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Film fuels misunderstandings about US food system

Elise Schafer: One-sided look at foodborne illness in ‘Poisoned’ challenges agriculture’s commitment to feeding the world safely.

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The Netflix film ‘Poisoned: The Dirty Truth about Your Food’ highlights some of the nation’s most high-profile foodborne illness outbreaks, challenging claims the U.S. has the safest food supply in the world.

Shot from the viewpoint of food safety lawyer Bill Marler’s quest for victims’ justice, the film documents the illnesses and tragic deaths caused by a 1992 E-coli contamination of Jack-in-the-Box ground beef, a 2010 recall of salmonella contaminated eggs and another salmonella outbreak linked to Arizona-grown lettuce in 2018.

Seeking to expose the pitfalls of our modern food system, like gaps in government agency jurisdictions and the power of lobbying groups at consumers’ expense, the film cites examples of unchecked restaurant negligence, ineffective safe handling reforms self-imposed by grower groups, and poor cattle feedlot wastewater management programs.

Fair criticism of any vital system in which lives are at stake is warranted, but interviews with Marler and other food safety critics throughout the film generalize food and agriculture workers as irresponsible and ill-intentioned. Making a case for overhauling food safety regulations, Marler said in a clip, “Sometimes the manufacturers of food don’t think of it as food. It becomes a commodity.”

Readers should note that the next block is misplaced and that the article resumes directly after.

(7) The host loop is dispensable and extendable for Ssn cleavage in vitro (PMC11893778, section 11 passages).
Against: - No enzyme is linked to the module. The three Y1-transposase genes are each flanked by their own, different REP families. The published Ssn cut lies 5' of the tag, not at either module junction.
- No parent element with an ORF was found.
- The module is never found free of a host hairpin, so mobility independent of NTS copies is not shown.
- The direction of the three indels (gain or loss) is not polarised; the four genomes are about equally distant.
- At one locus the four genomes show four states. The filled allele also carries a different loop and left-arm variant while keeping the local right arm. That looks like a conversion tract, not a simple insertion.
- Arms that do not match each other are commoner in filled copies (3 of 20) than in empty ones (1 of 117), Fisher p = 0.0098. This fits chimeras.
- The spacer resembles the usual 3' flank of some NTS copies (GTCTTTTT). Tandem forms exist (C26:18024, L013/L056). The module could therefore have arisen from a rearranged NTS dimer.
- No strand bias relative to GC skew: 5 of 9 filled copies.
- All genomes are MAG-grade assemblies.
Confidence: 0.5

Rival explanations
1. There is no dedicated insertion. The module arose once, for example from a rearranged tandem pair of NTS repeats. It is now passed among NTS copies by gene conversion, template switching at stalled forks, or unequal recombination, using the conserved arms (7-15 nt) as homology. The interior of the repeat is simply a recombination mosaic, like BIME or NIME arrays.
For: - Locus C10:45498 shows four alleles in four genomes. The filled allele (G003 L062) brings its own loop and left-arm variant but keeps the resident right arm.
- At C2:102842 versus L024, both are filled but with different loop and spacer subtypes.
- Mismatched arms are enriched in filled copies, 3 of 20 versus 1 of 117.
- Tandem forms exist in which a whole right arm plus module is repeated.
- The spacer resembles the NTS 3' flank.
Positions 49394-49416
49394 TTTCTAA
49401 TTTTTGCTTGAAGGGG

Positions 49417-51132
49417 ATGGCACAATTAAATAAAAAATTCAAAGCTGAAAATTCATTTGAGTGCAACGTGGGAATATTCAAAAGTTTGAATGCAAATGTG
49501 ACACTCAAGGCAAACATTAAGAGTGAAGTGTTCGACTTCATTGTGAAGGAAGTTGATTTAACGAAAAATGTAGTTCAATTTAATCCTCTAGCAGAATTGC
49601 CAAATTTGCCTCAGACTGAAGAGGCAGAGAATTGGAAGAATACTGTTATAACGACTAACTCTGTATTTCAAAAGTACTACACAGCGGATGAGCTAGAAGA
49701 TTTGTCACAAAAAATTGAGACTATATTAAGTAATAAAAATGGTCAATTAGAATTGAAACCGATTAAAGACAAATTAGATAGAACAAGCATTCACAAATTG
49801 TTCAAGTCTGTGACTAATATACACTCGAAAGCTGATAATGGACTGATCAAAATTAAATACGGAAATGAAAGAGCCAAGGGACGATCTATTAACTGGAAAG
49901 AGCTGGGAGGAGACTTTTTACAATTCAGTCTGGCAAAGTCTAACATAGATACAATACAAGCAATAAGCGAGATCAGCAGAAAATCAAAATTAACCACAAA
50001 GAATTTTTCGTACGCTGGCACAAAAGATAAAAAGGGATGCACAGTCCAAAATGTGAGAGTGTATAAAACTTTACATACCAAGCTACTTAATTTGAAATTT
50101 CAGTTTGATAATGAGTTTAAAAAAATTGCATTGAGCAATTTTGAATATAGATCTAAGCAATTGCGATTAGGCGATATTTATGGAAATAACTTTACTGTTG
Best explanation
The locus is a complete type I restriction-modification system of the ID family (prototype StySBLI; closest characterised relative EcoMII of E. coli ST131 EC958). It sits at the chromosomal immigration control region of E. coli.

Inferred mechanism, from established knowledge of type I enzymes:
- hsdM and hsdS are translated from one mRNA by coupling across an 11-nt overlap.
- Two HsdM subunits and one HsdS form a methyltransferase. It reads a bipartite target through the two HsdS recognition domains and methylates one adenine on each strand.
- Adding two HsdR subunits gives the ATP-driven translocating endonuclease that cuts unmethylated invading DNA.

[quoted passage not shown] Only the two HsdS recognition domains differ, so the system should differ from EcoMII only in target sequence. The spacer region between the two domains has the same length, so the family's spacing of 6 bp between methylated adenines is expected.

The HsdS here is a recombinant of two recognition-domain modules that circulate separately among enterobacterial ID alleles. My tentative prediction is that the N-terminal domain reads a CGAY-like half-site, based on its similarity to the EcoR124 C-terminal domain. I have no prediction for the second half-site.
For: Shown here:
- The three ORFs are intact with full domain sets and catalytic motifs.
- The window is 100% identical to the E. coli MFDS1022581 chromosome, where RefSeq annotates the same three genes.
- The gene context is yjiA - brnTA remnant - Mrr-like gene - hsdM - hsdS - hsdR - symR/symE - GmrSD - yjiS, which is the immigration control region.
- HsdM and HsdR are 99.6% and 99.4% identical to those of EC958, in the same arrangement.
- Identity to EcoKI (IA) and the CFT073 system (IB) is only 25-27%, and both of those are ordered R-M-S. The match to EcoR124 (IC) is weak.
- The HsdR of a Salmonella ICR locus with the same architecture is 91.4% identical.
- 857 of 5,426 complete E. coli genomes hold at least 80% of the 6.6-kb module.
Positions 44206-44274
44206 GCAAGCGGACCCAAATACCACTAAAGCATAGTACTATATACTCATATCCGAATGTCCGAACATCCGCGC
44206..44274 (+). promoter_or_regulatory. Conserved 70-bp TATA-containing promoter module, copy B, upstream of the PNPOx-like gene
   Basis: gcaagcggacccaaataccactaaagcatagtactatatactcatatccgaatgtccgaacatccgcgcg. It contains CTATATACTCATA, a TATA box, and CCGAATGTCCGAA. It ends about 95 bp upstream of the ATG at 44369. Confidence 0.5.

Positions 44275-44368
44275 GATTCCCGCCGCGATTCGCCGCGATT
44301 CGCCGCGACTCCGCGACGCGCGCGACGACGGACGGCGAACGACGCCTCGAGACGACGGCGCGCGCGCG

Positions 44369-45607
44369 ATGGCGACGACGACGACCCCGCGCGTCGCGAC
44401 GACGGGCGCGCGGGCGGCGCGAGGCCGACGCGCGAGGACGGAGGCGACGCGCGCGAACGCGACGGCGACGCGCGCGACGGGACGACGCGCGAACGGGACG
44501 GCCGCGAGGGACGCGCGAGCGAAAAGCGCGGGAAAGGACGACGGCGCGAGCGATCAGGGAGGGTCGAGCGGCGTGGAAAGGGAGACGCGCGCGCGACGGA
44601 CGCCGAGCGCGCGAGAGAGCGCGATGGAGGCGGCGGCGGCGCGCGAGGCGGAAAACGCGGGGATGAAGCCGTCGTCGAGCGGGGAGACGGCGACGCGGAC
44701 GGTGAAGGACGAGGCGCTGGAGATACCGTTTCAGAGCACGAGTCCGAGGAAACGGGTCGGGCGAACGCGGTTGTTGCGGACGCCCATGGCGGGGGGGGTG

For the U.S. feed industry, this couldn’t be farther from the truth. My discussions with feed producers nationwide paint a picture in which the health of animals and humans is core to their mission. They know their products have implications for consumers downstream and uphold the industry’s unofficial motto “Feeding the world” — acknowledging both the privilege and responsibility of providing food, ultimately, for people to eat.

I recently spoke with a feed and pet food manufacturer whose decision to convert some of their feed mills to antibiotic-free was rooted in safety. Providing alternative feed options for protein animal producers and pet-owning families requires extensive sanitation and testing procedures to produce products that are essentially fit for human consumption. They said one justification for the measures, among others, is that children have access to pet food, and so it’s important to ensure there are no health risks associated with accidentally ingesting their products.

Does this mindset convey a lack of concern over how feed and food producers’ actions impact American lives?

Our food supply chain is among the nation’s oldest, yet most complex, and while it’s not perfect (none is), it’s off-base to suggest the root of its issues is a complete disregard for animal and human health across the food chain. Through transparent information sharing and science-based regulations, we are all working together toward a shared goal to ensure the U.S.  has the safest food supply in the world.

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